Returning to KI with the bigger picture
During his postdoc period at Harvard University, Ninib Baryawno has learnt to think big, and when he returns to KI next year, he’ll be bringing with him a broader view of research.
It might sound mad for someone to switch to another research field when about to do their postdoc period overseas. For Ninib Baryawno, however, it was a deliberate choice. As a doctoral student, he studied medulloblastoma, a form of cancer that creates brain tumours in children and that scientists now believe to be a stem cell disease. Ninib knew even then that he wanted to learn more about stem cells, and so chose to do his postdoc period doing haematological stem cell research at Harvard University in Boston.
“I switched to a research field based on completely different kinds of animal model and a different way of conducting research to what I had been used to. The research field has taken great strides forward in a short space of time, which means that the bar for what’s considered high-impact research is set very high. This has made me stronger as a researcher.”
Being a researcher means sometimes having to take brave decisions
However, it took a long time for Ninib Baryawno to learn about the field and the new complicated methods. The postdoc period, which he thought would last two or three years, is now into its fifth. The Swedish system, he says, in which grants for junior researchers can only be applied for over a limited number of years after graduation, is not suited to longer postdoc period. This has influenced his plans to return to Sweden.
“But it was still right to switch disciplines, because it has been a cornerstone of my research. In combining my background in cancer research with stem cells, I’ve discovered my own niche. Being a researcher means sometimes having to take brave decisions, such as switching fields, which can have long-term synergy effects.”
Professor David Scadden, in whose Harvard group he is doing his postdoc research, is keen to obtain a good mix of expertise in his research environment. Ninib Baryawno says that the work here has made him less timid about trying new things and taking on whatever might lie outside his own expertise. He is convinced that it is when you combine people with different backgrounds and competencies that you can make interesting discoveries.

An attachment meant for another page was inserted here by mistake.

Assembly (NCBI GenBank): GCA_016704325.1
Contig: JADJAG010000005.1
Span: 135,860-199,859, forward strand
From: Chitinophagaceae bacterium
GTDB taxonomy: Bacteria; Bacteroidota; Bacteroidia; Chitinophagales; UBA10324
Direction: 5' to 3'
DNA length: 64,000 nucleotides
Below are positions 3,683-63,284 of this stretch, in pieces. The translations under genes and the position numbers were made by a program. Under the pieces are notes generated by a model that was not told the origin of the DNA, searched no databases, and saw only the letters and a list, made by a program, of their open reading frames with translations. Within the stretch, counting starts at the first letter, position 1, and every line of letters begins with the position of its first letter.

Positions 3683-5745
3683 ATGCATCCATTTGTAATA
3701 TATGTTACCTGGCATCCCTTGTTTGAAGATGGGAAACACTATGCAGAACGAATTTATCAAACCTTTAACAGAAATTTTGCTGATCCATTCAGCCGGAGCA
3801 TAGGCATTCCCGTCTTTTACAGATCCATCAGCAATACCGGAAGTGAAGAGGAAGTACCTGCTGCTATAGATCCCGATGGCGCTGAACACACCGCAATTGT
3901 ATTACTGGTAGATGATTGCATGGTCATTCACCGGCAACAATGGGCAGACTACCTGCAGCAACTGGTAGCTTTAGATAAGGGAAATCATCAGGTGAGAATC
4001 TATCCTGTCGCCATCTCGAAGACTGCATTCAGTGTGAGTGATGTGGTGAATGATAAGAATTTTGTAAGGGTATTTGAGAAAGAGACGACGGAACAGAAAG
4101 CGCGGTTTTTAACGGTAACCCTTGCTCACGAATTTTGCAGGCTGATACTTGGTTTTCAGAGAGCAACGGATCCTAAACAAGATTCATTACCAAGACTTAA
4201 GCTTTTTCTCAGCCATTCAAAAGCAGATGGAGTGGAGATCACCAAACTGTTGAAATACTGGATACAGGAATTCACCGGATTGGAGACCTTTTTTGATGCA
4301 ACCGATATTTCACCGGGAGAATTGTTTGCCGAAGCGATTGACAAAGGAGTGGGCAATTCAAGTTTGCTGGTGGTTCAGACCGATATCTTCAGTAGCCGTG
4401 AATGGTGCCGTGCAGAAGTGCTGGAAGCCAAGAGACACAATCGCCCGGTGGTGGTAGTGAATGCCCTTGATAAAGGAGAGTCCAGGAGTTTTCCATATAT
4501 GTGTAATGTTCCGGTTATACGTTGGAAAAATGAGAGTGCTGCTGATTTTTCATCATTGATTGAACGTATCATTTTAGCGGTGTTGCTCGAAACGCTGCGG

“Boston’s something of a paradise for researchers. People are willing to cooperate and share their expertise. One of the most important things that I can take back with me to Sweden is the network that I’ve established here in Boston, and that I can keep working with once I’m back at KI,” he says.
Important that the foundation had demonstrated faith in me and my ideas
His plan has always been to return to Sweden, and to KI in particular, as he is keen to give something back to the university after having taken his undergraduate and postgraduate degrees here. KI’s renown for its strong research environment plays a part in this, but also the fact that he feels that KI is a university that invests in junior researchers. He recently received a much-coveted research associateship through the Swedish Childhood Cancer Foundation, which also gave him a large project grant.
“It changed my life,” he says. “Suddenly I went from that awful uncertainty to being able to breathe out and plan my future. It was also important that the foundation had demonstrated faith in me and my ideas.”
He will return to his medulloblastoma research and will be working close to John Inge Johnsen, his former doctoral supervisor. At the same time, he will also be doing research in Boston on bone metastases related to breast and prostate cancer. In both cases it is about studying the mechanisms that determine why some tumours develop resistance to therapy and finding new ways of preventing such drug resistance. To these ends he will be using single-cell RNA analysis on fresh patient material, which makes it possible to study gene expression in individual tissue cells to see what characterises the cells that become resistant.
Scientists can get so focused on our own expertise that we forget the big question
“I hope to take the step from showing that there are differences between the cells in a tumour to showing that the differences have biological significance for patients,” he says.
One reason why he applied to the US to do his postdoc research was that he wanted to surround himself with a different approach to research; having the courage to ask the difficult questions and to say that as a researcher you want to make a difference in your scientific field.
“Cancer researchers should take that step and say that we want to find cures for most cancers and alleviate suffering. I find myself getting irritated at times by how we scientists can get so focused on our own expertise that we forget the big question: what do we have to do to solve this puzzle?”
Text: Karin Söderlund Leifler
Translation: Neil Betteridge
Photo: Lee Hopkins
Financing: Has received financing for a research associateship and project grants in the Childhood Cancer Foundation’s major call for applications this spring.
Career in brief: MSc in biomedicine from KI, 2005; PhD from KI, 2010; junior postdoc, 2010–2011 at KI and then in David Scadden’s group at the Department of Stem Cell and Regenerative Biology at Harvard University and Massachusetts General Hospital in Boston, 2011.